New England Philharmonic serves up two contrasted premieres
On the morning of September 14, 1814, Francis Scott Key saw something he didn’t expect.
An oversized American flag flapped in the breeze over Fort McHenry, symbolizing that the twenty-seven-hour bombardment by the British navy had failed to break American defenses. Moved by the vision, Key captured the scene in a poem that would eventually become the national anthem.
In celebration of the two-hundredth aniversary of The Star Spangled Banner, Richard Pittman led the New England Philharmonic in the Boston premiere of Michael Gandolfi’s Chesapeake: Summer, 1814 Saturday night at the Tsai Performance Center.
A dramatic cantata for two choirs and orchestra, Chesapeake is a glossy retelling of the War of 1812 and the events that led up to the writing of Key’s verse.
Gandolfi’s score is a patchwork of dance tunes, marches, and patriotic airs cast in a sing-song style reminiscent of Ernest Bloch’s America. The double chorus intones verses of Yankee Doodle, Rule Britannia, and even “See the Conquering Hero Comes” from Handel’s Judas Maccabeus between the jovial strains of Mrs. Madison’s Minuet, Durang’s Hornpipe, and clamorous battle music that sound from the orchestra.
Threading the score is the Star Spangled Banner itself, heard first in its original version, To Anacreon in Heaven, before being spliced into melodic fragments that bubble up in the orchestral accompaniment. Key’s four-verse setting of the song, spiced with some colorful chord voicing, brings the piece to a rousing conclusion. The audience is invited to stand and sing the first verse one last time.
In the performance Saturday night, the Simmons College and MIT choirs sang the vocal parts with capable blend and diction. The voices, unfortunately, didn’t quite match the NEP’s gusto in the weightier passages, resulting in some balance problems.
Performed to a slide show of historic battle scenes and landscapes projected onto a screen, Chesapeake has the same nostalgia and emotional appeal of a Ken Burns documentary. As concert music, it can seem a little hokey. But with its stirring populism, the work should have little trouble reaching a wide audience for patriotic holidays beyond this bicentennial year.
Pittman and the NEP also offered the world premiere of Bernard Hoffer’s Violin Concerto Saturday night.
Written for concertmaster Danielle Maddon, it’s an attractive work that recasts the dazzling technique and recognizable music of romantic-style concertos in a lithe, ear-tingling musical language.
The first movement, “Dialogues,” is more of an argument than a discussion. Terse rhythmic motives, passed between soloist and orchestra, swell into a cacophony before breaking up. The second movement spotlights the solo violin in a plaintive melody over harp accompaniment. Their tonal lines mingle and meander into chromatic wilderness for shimmering dissonances.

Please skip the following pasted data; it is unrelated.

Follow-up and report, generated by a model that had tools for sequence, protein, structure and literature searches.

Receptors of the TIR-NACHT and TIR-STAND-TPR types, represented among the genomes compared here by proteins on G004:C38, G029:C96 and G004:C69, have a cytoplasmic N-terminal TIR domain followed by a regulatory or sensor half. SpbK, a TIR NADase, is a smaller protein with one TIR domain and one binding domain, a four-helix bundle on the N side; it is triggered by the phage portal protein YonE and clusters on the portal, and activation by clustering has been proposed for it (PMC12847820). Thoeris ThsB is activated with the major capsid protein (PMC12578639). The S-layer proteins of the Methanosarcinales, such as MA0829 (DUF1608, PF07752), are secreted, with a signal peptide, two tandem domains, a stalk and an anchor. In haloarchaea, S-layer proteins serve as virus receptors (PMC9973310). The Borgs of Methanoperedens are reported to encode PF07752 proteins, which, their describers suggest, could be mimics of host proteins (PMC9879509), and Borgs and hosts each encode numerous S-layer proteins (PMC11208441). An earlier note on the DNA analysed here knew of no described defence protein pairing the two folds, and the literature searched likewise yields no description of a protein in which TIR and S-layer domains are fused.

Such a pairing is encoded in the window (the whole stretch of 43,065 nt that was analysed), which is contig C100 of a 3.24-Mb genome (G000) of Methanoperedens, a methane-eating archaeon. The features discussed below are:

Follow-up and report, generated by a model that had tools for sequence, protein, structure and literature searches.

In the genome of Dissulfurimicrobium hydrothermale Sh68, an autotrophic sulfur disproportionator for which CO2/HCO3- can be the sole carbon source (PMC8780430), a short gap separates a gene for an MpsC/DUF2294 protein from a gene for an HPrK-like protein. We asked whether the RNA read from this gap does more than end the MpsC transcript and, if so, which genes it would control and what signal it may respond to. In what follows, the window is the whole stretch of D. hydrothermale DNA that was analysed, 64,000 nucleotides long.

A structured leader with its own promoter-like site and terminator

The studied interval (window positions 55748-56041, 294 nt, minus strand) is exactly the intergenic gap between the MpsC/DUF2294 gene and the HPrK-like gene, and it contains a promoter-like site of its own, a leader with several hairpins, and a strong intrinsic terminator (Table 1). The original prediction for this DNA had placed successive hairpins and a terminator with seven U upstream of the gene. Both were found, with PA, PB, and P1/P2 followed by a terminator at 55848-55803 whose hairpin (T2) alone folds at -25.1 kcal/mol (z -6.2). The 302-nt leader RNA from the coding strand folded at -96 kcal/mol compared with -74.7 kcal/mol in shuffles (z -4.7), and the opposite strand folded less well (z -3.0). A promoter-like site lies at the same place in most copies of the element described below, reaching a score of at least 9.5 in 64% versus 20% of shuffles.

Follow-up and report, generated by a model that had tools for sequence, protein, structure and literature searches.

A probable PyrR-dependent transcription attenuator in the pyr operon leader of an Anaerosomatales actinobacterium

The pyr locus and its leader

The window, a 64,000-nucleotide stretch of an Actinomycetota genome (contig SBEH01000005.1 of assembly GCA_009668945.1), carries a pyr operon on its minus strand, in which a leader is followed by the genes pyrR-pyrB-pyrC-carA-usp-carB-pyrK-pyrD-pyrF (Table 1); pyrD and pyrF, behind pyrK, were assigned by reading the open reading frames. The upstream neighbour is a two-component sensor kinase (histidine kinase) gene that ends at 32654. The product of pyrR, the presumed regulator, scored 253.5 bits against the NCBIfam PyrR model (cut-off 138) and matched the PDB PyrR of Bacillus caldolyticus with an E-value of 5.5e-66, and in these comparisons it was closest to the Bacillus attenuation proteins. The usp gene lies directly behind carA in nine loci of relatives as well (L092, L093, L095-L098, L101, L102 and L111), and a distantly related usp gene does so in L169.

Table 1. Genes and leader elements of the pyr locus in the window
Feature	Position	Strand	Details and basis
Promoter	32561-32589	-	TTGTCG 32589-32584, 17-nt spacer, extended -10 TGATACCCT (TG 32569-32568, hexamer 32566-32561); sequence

The third movement showcases the soloist in some dexterous fiddling. Here, Hoffer’s jazz leanings are easily recognizable. Syncopated bursts in the brass recall the power-chord arrangements of Stan Kenton’s band, and the orchestra’s quicksilver lines have the harmonic daring of bebop licks.
Maddon, a violinist with spot-on intonation and silvery tone, handled her parts effortlessly. Pittman and the NEP, in their most crisp and energetic playing of the evening, gave Hoffer’s concerto bold advocacy.
In a concert billed as “An American Anthem,” one would hardly expect a Shostakovich symphony to appear on the program. Yet the composer’s Symphony No. 1 in F major, with its collage of styles, is as familiar as an American quilt.
Composed by the nineteen-year-old composer as a graduation piece, the First Symphony is a witty and vivacious work. Its combination of waltzes, marches, and mock-romantic airs would become the hallmark of his mature instrumental music.
Nimbly played motives from NEP trumpets and woodwinds helped pull off the music’ humor, but the orchestra, as a whole, didn’t perform this symphony with the same clarity heard in the other pieces on the program. The chattering lines of the first movement were muddled due to some unfocused string playing. The biggest problems stemmed from the sour intonation in the exposed passages in cellos and basses.
The symphony’s forceful, circus-style moments fared the best. Pittman led with lively tempos. The twinkling piano runs, cymbal crashes, and stirring melodies in the full orchestra sounded full and focused.
In its final concert of the season, the New England Philharmonic will perform music by Schuller, Rakowski, Prokofiev, and Harris, featuring pianist Steven Drury 8 p.m. May 3 at the Tsai Performance Center. nephilharmonic.org
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